Page:Men of the Time, eleventh edition.djvu/383

From Wikisource
Jump to navigation Jump to search
This page needs to be proofread.


S66

£)B£iSS.

She is also author of a Histonr of Our Lord," and the " Life of John Gibson, B.A/' Lady Eastlake has been an occasional contributor to the Qtuirterly and Edinburgh Reviews, and two of her contributions on "Dress" and "Music" have been reprinted in "Murray's Home and Colonial Library."

EBEBS, Gbobq, orientalist and novelist, born at Berlin, 1st March, 1837. His father, a banker, having died before the birth of his son, the latter received his early instruction from his mother, and subsequently studied in FrObel's school at Eeil- hau. On entering the University of Gdttingen he at first applied himself to the study of jurispru- dence, but on removing to Berlin he gave the preference to oriental, philosophical, and arch»oloeical studies. Finally, he began to draw the limits of his researches still closer by making Egyptology his central study. At the termination of his academical career he visited the principal museums of Egyptian antiquities in Europe. In 1865, he establidied himself at Jena as a private tutor for the Egyptian lan- guage and antiquities, and in 1870 he was called as professor to Leip- zig, where he has since remamed. Apart from his scientific services, his thesis on obtaining the degree of Doctor "On the Twenty-sixth Egyptian Dynasty," and his larger work on " Eeypt and the Books of Moses," and his " Scientific Jour- ney to Egypt" (1869-70), were the cause of ms promotion to that Chair. In his second journey to Egypt in 1872-73, he succeeded in discovering the Papyrus E, which was subsequently named after him. This Papyrus, although its contents primarily relate to m^cal subjects, is very important on account of the insight it gives into the language and culture of the ancient Egyp- tians. Ebers also discovered the important biographical inscription of the " Amen em Neb." In 1876, he had a severe attack of jMuralysis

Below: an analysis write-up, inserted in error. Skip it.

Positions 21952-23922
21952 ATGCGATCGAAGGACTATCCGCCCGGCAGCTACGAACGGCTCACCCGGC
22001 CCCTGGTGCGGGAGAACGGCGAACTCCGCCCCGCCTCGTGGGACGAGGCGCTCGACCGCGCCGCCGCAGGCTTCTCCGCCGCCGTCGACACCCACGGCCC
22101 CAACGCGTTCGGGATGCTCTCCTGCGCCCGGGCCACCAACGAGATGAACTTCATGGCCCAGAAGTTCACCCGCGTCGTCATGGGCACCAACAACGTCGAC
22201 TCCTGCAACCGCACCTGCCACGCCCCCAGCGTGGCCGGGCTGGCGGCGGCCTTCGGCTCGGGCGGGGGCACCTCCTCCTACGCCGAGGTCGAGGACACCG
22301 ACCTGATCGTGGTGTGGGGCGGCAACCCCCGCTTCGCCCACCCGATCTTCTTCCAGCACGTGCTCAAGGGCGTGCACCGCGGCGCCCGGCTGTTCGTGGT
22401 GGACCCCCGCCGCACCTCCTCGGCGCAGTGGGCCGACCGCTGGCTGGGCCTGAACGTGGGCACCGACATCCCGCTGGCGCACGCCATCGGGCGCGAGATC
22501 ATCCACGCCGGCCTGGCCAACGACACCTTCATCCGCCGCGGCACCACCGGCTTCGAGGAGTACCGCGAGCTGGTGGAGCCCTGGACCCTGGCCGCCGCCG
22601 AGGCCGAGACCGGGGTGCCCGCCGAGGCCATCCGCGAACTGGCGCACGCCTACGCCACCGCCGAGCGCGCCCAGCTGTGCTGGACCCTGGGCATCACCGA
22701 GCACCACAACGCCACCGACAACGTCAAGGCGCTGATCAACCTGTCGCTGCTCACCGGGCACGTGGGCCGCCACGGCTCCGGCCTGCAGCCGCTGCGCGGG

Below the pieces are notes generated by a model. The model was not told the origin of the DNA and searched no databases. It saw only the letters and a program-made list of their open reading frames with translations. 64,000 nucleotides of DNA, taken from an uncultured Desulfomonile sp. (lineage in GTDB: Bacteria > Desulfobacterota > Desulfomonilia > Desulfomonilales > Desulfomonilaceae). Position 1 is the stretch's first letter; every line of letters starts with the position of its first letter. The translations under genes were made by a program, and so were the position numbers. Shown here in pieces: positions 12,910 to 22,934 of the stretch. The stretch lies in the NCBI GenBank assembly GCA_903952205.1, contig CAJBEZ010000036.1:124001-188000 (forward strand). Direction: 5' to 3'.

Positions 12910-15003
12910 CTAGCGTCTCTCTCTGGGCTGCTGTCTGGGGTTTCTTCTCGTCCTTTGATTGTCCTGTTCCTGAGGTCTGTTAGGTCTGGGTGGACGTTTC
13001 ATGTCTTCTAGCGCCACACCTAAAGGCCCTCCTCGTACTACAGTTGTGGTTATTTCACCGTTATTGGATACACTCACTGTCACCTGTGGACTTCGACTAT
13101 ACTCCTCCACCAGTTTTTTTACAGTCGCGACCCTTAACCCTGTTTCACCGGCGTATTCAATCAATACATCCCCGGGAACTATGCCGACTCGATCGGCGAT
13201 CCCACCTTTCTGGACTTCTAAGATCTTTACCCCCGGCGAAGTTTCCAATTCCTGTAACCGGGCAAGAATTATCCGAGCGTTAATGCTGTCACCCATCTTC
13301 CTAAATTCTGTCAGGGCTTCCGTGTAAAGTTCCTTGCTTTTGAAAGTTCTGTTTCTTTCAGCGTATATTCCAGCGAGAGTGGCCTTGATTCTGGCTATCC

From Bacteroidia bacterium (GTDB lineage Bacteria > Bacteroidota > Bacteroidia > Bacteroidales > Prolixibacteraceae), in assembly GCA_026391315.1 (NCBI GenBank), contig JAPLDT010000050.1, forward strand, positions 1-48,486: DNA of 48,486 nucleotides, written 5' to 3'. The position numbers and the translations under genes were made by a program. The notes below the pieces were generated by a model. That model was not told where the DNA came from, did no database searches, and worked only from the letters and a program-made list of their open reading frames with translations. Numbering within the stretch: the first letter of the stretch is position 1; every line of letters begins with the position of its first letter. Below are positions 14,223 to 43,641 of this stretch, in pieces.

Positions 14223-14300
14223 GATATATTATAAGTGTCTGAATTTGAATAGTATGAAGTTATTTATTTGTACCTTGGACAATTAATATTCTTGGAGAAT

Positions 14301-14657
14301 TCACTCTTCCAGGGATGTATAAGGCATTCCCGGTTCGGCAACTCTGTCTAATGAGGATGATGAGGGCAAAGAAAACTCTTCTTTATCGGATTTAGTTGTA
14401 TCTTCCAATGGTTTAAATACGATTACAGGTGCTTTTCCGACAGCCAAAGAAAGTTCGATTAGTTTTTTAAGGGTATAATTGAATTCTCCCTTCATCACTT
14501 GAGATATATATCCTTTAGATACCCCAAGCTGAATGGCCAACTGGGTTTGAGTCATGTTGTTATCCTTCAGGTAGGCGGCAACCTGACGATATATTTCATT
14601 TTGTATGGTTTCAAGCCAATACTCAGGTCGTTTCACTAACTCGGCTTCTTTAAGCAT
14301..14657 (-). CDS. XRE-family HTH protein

which still nre vents him from walk ing. To this illness the furthe development of his literary activii*; is miunly attributable, for sino the state of his health incapaci tated him from pursuing mor< serious studies, he sought for an< obtained a means of recreation an< agreeable occupation in imagiTia tive composition. This was th( origin of "Uarda, a Bomance o Ancient Egypt" (1877), which lik< several of Ebers' other works, ha been translated into English b^ Clara Bell. This was the seconc of his works of fiction based upoi facts in the history of Egypt, fo he had previously, in 1864, pub lished " An Egyptian Princess,' which has been translated int4 English by E. Gtrove, and whicl gives, in the attractive form of t romance, a description of popula life in Egypt about the time o the Persian war of conquest. Thi extraordinary success achieved b^ " Uarda," the design of which wa based upon an epoch exteudinf back to the most remote period and which obtained effect by th< cleverly used and fully developec charm of the grey mists of anti quity, induced the author to tun his Egyptian studies still furthe: to account for literary purposes He composed in succession " Hom< Sum," a novel (1878); " Thi Sisters," a romance (1880) j anc "The Emperor" (1881), the seem of all these works being laid ii Egypt. Meanwhile, Ebers did no neglect the acquisition of solic learning. It is true Uiat his splen did work on " Egypt— descriptive historical, and picturesque" (1878 English translation, by Clara Bell wiiSi introduction and notes by Dr Birch, 1880) is of a popular cha racter, as are also his previous publi cation "Through Goschen to Sinai ' (1872), and his work, written in col laboration with Guthe, on " Pales tine — descriptive, historical, an<] pictures<]|ue '^ (1881) . On the othei luuid, his numerous articles ii